9. Key Terms
    10. Key Equations
    11. Summary
    12. Exercises
  16. 15 Equilibria of Other Reaction Classes
    1. Introduction
    2. 15.1 Precipitation and Dissolution
    3. 15.2 Lewis Acids and Bases
    4. 15.3 Coupled Equilibria
    5. Key Terms
    6. Key Equations
    7. Summary
    8. Exercises
  17. 16 Thermodynamics
    1. Introduction
    2. 16.1 Spontaneity
    3. 16.2 Entropy
    4. 16.3 The Second and Third Laws of Thermodynamics
    5. 16.4 Free Energy
    6. Key Terms
    7. Key Equations
    8. Summary
    9. Exercises
  18. 17 Electrochemistry
    1. Introduction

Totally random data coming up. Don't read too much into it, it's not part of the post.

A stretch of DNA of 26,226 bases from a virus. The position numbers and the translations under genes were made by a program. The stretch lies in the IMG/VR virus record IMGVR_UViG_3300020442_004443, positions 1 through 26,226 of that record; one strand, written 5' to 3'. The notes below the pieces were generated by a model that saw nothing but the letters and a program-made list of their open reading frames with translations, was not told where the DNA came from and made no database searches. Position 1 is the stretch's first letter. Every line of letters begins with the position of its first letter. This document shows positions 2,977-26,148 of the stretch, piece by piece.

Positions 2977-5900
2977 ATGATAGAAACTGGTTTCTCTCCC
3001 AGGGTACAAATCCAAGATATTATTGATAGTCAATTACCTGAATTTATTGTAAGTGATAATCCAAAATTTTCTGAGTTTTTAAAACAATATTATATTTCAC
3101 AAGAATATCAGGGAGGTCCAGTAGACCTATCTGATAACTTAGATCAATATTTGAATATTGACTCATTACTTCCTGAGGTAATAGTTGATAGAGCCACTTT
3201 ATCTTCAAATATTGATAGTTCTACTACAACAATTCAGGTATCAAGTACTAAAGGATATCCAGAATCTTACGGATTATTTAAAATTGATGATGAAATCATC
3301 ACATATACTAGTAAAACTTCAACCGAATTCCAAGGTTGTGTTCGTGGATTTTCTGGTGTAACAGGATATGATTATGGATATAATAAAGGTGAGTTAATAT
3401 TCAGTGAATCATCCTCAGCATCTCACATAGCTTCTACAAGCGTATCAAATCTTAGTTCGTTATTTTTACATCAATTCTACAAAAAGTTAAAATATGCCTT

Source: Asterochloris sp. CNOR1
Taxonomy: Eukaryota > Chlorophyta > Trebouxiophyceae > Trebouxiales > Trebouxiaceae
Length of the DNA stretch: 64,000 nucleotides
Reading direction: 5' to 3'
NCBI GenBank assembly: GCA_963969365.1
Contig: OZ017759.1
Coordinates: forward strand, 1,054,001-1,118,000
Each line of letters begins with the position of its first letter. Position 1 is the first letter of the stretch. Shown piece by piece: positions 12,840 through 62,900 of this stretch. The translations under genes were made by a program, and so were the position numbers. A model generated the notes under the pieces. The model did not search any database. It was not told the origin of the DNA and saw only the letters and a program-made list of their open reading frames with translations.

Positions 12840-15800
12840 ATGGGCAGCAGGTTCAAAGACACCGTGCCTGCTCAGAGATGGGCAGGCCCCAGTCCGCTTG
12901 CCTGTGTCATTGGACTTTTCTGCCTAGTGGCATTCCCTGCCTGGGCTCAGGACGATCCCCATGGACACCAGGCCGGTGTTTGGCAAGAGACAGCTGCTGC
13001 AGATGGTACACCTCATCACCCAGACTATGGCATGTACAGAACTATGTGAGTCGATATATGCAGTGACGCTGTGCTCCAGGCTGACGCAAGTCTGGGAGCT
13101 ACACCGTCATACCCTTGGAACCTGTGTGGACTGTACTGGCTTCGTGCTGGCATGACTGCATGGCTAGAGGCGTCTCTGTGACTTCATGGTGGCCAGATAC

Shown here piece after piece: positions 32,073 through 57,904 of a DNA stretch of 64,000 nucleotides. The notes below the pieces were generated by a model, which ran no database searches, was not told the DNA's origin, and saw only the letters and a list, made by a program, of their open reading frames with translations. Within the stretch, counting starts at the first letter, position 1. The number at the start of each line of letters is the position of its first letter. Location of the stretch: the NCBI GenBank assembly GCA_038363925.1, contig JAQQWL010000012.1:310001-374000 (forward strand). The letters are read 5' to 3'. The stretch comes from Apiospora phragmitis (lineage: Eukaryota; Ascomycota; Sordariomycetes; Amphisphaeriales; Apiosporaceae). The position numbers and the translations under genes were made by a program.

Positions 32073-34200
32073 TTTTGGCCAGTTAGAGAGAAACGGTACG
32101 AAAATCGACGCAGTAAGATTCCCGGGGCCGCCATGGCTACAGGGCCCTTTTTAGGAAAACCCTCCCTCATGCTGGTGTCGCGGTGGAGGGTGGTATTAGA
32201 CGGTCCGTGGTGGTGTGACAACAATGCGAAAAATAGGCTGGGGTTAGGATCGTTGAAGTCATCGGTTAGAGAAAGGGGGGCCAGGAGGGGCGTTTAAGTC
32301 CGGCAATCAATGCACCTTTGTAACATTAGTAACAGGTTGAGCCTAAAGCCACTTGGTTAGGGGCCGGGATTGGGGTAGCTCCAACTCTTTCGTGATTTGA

2. 17.1 Review of Redox Chemistry
    3. 17.2 Galvanic Cells
    4. 17.3 Electrode and Cell Potentials
    5. 17.4 Potential, Free Energy, and Equilibrium
    6. 17.5 Batteries and Fuel Cells
    7. 17.6 Corrosion
    8. 17.7 Electrolysis
    9. Key Terms
    10. Key Equations
    11. Summary
    12. Exercises
  19. 18 Representative Metals, Metalloids, and Nonmetals
    1. Introduction
    2. 18.1 Periodicity
    3. 18.2 Occurrence and Preparation of the Representative Metals
    4. 18.3 Structure and General Properties of the Metalloids
    5. 18.4 Structure and General Properties of the Nonmetals
    6. 18.5 Occurrence, Preparation, and Compounds of Hydrogen
    7. 18.6 Occurrence, Preparation, and Properties of Carbonates
    8. 18.7 Occurrence, Preparation, and Properties of Nitrogen
    9. 18.8 Occurrence, Preparation, and Properties of Phosphorus
    10. 18.9 Occurrence, Preparation, and Compounds of Oxygen